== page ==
Par­lia­ment turns up heat on May

De­bate on Brexit bill be­gins; amend­ments pil­ing up

Las Vegas Review-Journal - - WORLD - By Jill Lawless The Associated Press

LON­DON — A frag­ile gov­ern­ment, a leg­isla­tive mine­field and a jit­tery econ­omy are turn­ing up the ten­sion as Bri­tain tries to turn its vote to leave the Euro­pean Union into a real­ity.

Exit ne­go­ti­a­tions with the bloc are stalled on divorce terms, and on Tues­day Prime Min­is­ter Theresa May’s gov­ern­ment bat­tled to push its cen­tral piece of Brexit leg­is­la­tion through a di­vided Par­lia­ment.

The Euro­pean Union (With­drawal) Bill is de­signed to pre­vent a le­gal vac­uum by con­vert­ing some 12,000 EU laws into Bri­tish statute on the day the U.K. leaves the bloc in March 2019.

But many law­mak­ers claim that the bill gives the gov­ern­ment too much power to amend leg­is­la­tion with­out par­lia­men­tary scru­tiny. And op­po­nents of Brexit, both from the op­po­si­tion and from May’s Con­ser­va­tive Party, will try to amend it to soften the terms of Bri­tain’s exit from the bloc.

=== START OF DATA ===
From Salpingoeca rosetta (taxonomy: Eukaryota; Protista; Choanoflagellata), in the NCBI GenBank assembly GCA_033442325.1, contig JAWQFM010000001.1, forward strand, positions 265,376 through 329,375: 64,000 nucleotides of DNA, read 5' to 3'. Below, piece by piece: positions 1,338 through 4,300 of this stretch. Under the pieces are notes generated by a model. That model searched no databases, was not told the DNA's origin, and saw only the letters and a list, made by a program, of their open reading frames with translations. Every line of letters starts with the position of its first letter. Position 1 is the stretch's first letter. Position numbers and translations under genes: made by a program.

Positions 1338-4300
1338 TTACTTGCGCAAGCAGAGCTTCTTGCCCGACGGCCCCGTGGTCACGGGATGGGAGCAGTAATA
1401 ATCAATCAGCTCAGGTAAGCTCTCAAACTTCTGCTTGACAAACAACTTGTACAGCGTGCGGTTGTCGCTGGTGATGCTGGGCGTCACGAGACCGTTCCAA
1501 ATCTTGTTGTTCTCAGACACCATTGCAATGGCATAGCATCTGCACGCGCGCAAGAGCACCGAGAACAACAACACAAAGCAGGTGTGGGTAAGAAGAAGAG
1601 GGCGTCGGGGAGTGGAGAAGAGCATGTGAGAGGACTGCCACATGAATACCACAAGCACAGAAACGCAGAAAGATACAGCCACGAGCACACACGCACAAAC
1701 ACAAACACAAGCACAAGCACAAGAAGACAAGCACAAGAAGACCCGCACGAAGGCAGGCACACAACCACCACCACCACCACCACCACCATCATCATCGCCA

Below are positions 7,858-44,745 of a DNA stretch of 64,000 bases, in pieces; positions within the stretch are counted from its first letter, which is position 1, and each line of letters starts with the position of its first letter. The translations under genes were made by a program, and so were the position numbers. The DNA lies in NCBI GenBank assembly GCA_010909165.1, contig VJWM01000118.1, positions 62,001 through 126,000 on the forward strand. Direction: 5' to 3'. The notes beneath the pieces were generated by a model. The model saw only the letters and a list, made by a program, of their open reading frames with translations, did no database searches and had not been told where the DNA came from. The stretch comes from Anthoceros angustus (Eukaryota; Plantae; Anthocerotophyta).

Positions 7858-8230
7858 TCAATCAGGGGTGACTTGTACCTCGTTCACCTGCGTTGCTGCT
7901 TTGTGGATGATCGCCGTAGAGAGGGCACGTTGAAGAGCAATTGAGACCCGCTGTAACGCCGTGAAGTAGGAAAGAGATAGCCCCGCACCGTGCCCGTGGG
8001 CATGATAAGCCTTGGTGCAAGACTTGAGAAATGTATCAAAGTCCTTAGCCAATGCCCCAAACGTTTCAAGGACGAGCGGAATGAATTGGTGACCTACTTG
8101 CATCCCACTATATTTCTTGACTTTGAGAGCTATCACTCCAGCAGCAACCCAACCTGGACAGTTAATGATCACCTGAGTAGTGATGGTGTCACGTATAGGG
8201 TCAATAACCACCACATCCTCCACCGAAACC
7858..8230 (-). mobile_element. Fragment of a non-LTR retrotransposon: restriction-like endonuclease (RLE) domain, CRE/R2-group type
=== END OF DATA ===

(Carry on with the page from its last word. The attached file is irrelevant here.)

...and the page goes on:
The House of Com­mons be­gan eight days of de­bate on the bill Tues­day, and law­mak­ers have filed hun­dreds of pro­posed amend­ments, each one a chal­lenge for a mi­nor­ity gov­ern­ment that re­lies on sup­port from a small North­ern Ire­land party to avoid de­feat on key votes.

A group of pro-eu Con­ser­va­tives is threat­en­ing to de­feat the gov­ern­ment un­less there are con­ces­sions to avoid a “hard Brexit,” that is, an exit with­out a deal on seam­less new trade re­la­tions that many busi­nesses fear will cause eco­nomic tur­moil.

The gov­ern­ment has tried to mol­lify re­bel­lious law­mak­ers by promis­ing that Par­lia­ment will get a vote on any Brexit deal agreed on be­tween Bri­tain and the bloc be­fore Bri­tain leaves in March 2019.

But Brexit Sec­re­tary David Davis said the vote will be a “take it or leave it” choice: If Par­lia­ment re­jects the deal, Bri­tain will crash out of the 28-na­tion bloc with­out an agree­ment.

Many busi­nesses see that as a worst-case sce­nario, as it would bring tar­iffs and red tape that could see trade with the bloc grind to a halt. On Tues­day, a group of law­mak­ers warned that there could be cat­a­strophic con­se­quences if Bri­tain fails to put a new cus­toms sys­tem in place be­fore the U.K. leaves the EU.

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